“It was never just about tennis, it was just about them as people and I've looked up to them ever since I was little, and I think it was very important to make sure that I let people know just how big of a heart Venus has. And that was something so special to me,” Sidney shared.

That was the message Venus and Serena communicated directly to the girls when they surprised them on set. “When we spoke, they kind of spoke to us about everything but tennis, which was actually kind of funny. We spoke about their life and their childhood and about people that they dated growing up,” Singleton revealed. 

Like Sidney, Singleton counts herself a fan of the icons, and expressed that directly to the trailblazers that day. “Serena and Venus” she said, “you guys are two women I’ve looked up to my entire life so it was really fun to get to know that side of you.”

Oracene “Brandy” Williams, as she was then known, is the backbone of the Williams family and Aunjanue Ellis turns in another soul-stirring performance portraying her. Embodying the quiet strength and fortitude so many Black women possess, Ellis gives Price, as she now prefers, her due. 

Speaking with Stacey Walker King, Chief Brand Officer of Macro (the multiplatform media company specializing in content about Black people and other people of color) for their special interview following the early screening of King Richard for the third MACRO X HBCU Summit in Atlanta, Ellis shared her initial big misconception about Price during that time and how she worked to correct that.

“When you start off this process, you go on Google, you look at Wikipedia, and she describes herself as a coach. And when I read that, I'm going to be honest and say, really, really? Okay, that's generous of you saying that about yourself,’” confessed the Mississippi-based actress who wowed us as Dr. Mattie Moss Clark in the Lifetime film The Clark Sisters: First Ladies of Gospel last year.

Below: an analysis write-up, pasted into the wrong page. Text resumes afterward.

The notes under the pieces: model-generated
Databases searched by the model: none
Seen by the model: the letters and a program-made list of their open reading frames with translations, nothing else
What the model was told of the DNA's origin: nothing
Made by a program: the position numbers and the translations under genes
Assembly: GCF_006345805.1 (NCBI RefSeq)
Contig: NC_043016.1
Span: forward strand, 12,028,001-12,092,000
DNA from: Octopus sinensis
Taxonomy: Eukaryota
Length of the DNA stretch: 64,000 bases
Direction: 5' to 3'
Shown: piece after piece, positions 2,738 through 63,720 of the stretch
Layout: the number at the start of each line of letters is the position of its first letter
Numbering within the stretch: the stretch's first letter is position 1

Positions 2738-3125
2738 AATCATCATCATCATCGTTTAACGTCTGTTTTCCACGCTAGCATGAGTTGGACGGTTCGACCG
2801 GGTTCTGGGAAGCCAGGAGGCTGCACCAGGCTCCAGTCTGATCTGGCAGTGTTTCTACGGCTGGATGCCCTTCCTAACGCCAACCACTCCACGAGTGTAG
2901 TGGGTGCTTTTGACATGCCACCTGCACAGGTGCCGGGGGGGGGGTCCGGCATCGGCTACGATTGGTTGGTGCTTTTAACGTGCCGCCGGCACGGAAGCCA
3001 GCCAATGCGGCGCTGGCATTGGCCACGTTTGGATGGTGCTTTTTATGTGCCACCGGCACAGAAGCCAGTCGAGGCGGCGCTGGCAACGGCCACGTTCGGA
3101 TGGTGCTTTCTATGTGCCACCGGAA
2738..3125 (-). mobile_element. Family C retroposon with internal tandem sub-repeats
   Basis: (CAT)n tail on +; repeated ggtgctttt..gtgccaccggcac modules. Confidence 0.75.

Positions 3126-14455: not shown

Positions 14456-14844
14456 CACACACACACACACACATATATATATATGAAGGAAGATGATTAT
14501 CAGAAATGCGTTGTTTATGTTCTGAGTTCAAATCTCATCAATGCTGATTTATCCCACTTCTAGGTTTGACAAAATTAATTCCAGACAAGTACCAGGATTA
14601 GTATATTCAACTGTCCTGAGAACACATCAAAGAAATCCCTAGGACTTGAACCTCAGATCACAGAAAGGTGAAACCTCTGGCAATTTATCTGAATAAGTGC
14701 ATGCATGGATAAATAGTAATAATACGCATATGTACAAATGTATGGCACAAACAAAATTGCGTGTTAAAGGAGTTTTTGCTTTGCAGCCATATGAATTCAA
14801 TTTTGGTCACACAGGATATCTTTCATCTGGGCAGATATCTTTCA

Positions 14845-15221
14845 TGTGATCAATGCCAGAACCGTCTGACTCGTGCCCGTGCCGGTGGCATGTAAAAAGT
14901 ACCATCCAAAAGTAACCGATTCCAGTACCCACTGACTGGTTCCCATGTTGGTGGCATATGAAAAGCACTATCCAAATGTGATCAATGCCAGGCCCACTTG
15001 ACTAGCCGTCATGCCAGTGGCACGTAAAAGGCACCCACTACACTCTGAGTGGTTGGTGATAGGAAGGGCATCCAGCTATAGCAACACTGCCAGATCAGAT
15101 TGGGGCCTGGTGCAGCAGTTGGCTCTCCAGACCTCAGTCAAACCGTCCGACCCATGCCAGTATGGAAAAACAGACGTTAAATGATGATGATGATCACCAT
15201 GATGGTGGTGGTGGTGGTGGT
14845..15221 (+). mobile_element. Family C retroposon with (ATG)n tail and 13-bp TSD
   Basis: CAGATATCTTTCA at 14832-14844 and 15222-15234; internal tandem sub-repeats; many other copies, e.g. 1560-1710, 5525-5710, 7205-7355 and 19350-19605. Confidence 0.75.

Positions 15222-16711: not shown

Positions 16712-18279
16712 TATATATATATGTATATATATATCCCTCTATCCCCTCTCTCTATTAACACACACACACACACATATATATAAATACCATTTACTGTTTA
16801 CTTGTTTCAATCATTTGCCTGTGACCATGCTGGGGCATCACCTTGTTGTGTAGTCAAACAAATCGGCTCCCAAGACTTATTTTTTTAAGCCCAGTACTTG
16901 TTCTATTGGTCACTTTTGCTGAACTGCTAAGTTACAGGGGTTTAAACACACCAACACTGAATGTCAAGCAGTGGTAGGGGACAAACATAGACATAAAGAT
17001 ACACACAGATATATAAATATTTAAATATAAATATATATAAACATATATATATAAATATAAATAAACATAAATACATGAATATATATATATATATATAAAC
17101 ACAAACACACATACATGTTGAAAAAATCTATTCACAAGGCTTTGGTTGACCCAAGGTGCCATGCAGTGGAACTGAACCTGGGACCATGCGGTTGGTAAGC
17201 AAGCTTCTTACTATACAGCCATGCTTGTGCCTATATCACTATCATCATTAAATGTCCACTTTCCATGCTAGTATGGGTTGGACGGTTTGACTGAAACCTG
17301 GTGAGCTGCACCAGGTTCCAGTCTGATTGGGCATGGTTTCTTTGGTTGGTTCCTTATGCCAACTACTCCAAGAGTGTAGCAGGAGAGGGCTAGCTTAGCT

“I was ashamed of myself for having that reaction,” Ellis said as she dug deeper. “And that happens so often with women because we are erased so often that people have no idea what we actually do. They put us in boxes, put us behind curtains. And we sort of don’t know who these women are because they have been erased.

“And, so for me,” she continued, “what I wanted to do was to make sure that everyone knew that, when they read that Miss Oracene was a coach, that when they leave the theaters, that they know that yes, indeed, that’s who she was, that’s who she was to these young women.”

During Smith’s takeover of his wife Jada’s popular Facebook Watch show Red Table Talk with Venus, Serena, mother Oracene Price and their sisters Isha and Lyndrea Price who worked on King Richard respectively as producer and costumer, Oracene dropped parenting gems for those who want to follow in their parenting success with Venus and Serena in their careers. 

“Know your children. Know what they can do. Know what they’re capable of,” she advised. “Push, but don’t push very hard. Encourage. Make sure their mental health is fine because it’s all here. More than anything else it’s all in your mental state of mind,” she ended, pointing to her head.  

As bittersweet as remembering their slain sister Yetunde Price was, the movie, they all declared, is a proud moment for the family. 

“We grew up in Compton, but we had everything we that we could have needed and more,” Venus said. 

And that’s exactly what makes King Richard an instant classic.

King Richard is currently in theaters and streaming on HBO Max